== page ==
More than $55,000 was donated to UC Berkeley in honor of former California Public Utilities Commission President Michael Peevey, who stepped down in December amid scandal.
Representatives from eight labor unions, a rooftop solar power company and a law firm were among those who attended a retirement-celebration dinner in San Francisco on Feb. 12 for Peevey and gave donations.
A disclosure document filed by the PUC shows that the organizations gave gifts of $5,000 or $10,000 to to the Goldman School of Public Policy at UC Berkeley as suggested by the organizers of the dinner.
Peevey, 77, was feted for his work on renewable energy and efficiency during his two six-year terms. But late last year, he drew increased criticism that he had engaged in improper and overly cozy relations with regulated utilities.
Those ties are being investigated by state and federal law enforcement agencies. A search warrant served at Peevey's home in January said that officials were looking for evidence of bribery, obstruction of justice and illegal communications with utilities.
Peevey has denied any wrongdoing and has not been available for comment since his Dec. 31 departure.
The Feb. 12 dinner in San Francisco drew more than 200 of Peevey's friends and energy industry colleagues.
The leader of one of the unions that contributed said he was proud to honor Peevey.
"Michael Peevey has been a friend of mine and a friend of the IBEW while at the commission," said Pat Lavin, business manager for the International Brotherhood of Electrical Workers, Local 47, in Diamond Bar.
Other contributors included the State Building Trades Council of California, the Southern California Pipe Trades Council and the San Francisco law firm of Goodin MacBride Squeri Day & Lamprey, among others.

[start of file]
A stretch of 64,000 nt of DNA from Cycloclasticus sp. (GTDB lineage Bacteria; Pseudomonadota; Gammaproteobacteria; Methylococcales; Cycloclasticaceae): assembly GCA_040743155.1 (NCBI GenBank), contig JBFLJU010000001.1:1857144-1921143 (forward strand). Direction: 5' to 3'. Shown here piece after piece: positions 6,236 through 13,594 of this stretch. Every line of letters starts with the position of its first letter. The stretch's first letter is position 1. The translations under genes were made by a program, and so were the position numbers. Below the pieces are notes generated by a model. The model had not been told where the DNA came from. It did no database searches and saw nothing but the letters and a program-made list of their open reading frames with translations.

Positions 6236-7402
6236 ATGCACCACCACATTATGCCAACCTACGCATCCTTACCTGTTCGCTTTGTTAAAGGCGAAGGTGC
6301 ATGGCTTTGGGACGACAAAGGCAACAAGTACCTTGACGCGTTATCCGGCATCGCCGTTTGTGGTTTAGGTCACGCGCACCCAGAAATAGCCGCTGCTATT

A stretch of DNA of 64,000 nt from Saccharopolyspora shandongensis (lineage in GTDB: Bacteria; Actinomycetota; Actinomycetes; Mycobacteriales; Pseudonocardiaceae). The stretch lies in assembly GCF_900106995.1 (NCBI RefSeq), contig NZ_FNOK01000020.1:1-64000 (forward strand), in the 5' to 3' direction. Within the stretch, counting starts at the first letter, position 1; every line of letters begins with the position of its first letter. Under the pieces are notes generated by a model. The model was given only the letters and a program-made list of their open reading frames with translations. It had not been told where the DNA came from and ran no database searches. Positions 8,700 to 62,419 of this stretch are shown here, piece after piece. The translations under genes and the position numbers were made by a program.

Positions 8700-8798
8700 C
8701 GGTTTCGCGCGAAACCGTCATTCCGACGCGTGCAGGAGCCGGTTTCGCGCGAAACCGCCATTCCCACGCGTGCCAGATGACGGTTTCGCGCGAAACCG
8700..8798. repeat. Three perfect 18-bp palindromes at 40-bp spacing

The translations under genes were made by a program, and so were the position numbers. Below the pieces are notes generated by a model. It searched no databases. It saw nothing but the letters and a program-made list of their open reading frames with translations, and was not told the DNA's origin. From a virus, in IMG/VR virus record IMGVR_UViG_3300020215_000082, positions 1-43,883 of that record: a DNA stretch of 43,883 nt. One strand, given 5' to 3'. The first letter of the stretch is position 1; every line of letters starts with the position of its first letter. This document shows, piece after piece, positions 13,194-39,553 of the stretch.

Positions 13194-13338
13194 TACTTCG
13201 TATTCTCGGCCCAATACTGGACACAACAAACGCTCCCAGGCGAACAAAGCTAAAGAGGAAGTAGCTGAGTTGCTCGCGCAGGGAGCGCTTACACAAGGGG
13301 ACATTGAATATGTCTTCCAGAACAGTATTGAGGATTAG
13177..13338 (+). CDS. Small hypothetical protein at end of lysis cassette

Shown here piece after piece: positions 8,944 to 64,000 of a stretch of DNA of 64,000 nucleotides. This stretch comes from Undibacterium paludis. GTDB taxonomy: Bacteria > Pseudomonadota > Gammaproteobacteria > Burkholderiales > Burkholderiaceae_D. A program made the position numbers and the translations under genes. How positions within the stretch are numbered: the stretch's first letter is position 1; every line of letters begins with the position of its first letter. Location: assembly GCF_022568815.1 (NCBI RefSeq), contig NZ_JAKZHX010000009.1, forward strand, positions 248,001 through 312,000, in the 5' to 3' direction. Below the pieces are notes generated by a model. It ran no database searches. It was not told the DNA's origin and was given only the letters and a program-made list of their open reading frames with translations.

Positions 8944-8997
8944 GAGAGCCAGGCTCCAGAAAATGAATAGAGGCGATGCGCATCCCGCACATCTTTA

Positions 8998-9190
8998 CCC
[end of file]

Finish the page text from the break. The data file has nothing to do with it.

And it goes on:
The donors, though not directly regulated by the PUC, are greatly affected by commission decisions in rate-setting and power-purchase rulings, for example.
Many executives from the state's regulated electric utilities did not attend the dinner. Among those who did attend was Jessie Knight, the chairman of San Diego Gas & Electric Co. and Southern California Gas Co.
FOR THE RECORD
Feb. 25, 12:48 p.m.: An earlier version of this article said executives from the state’s three regulated electric utilities did not attend the dinner. The chairman of San Diego Gas & Electric Co. was among the attendees.
Critics of Peevey's record were along outspoken about the dinner and gifts.
"Accepting money from an event honoring Michael Peevey sends the wrong message to your students and alumni," state Sen. Jerry Hill (D-San Mateo) wrote in a letter to Dean Henry Brady at the Goldman public policy school.
"It's inappropriate that a school of Goldman's caliber would host an event honoring the CPUC president whose indifference to utility operations contributed" to a fatal 2010 pipeline explosion in the Bay Area city of San Bruno, Hill added.
In an emailed reply to Hill, the dean said that Peevey's friends, not the Goldman School, sponsored the event.
The contributions spurred Peevey's successor, Michael Picker, to be the first PUC member to file a report with the state Fair Political Practices Commission that detailed the contributions made in Peevey's name.
Picker, who was listed on the event's invitation as one of many sponsors of the dinner, said he filed the report with the ethics commission out of "an abundance of caution."
He said that he had not been contacted by the contributors nor had he contacted them. "I paid for my ticket and I went" to the $250-a-plate dinner, Picker said.
However, a 2008 state law requires the five members of the PUC to disclose publicly any time they successfully solicit a contribution for a nonprofit organization.
At the suggestion of staff, Picker said he contacted former PUC member Susan Kennedy, one of the principal co-sponsors of the dinner. He said he asked her for a list of contributors to the Goldman School so he could file the necessary document with the ethics watchdog agency.
Two other high state government energy officials -- Mary Nichols, chairwoman of the Air Resources Board, and Robert Weissenmiller, chairman of the Energy Commission -- were also sponsors of the dinner. They did not report the so-called behested contributions. State law did not require them to do so, ethics officials said.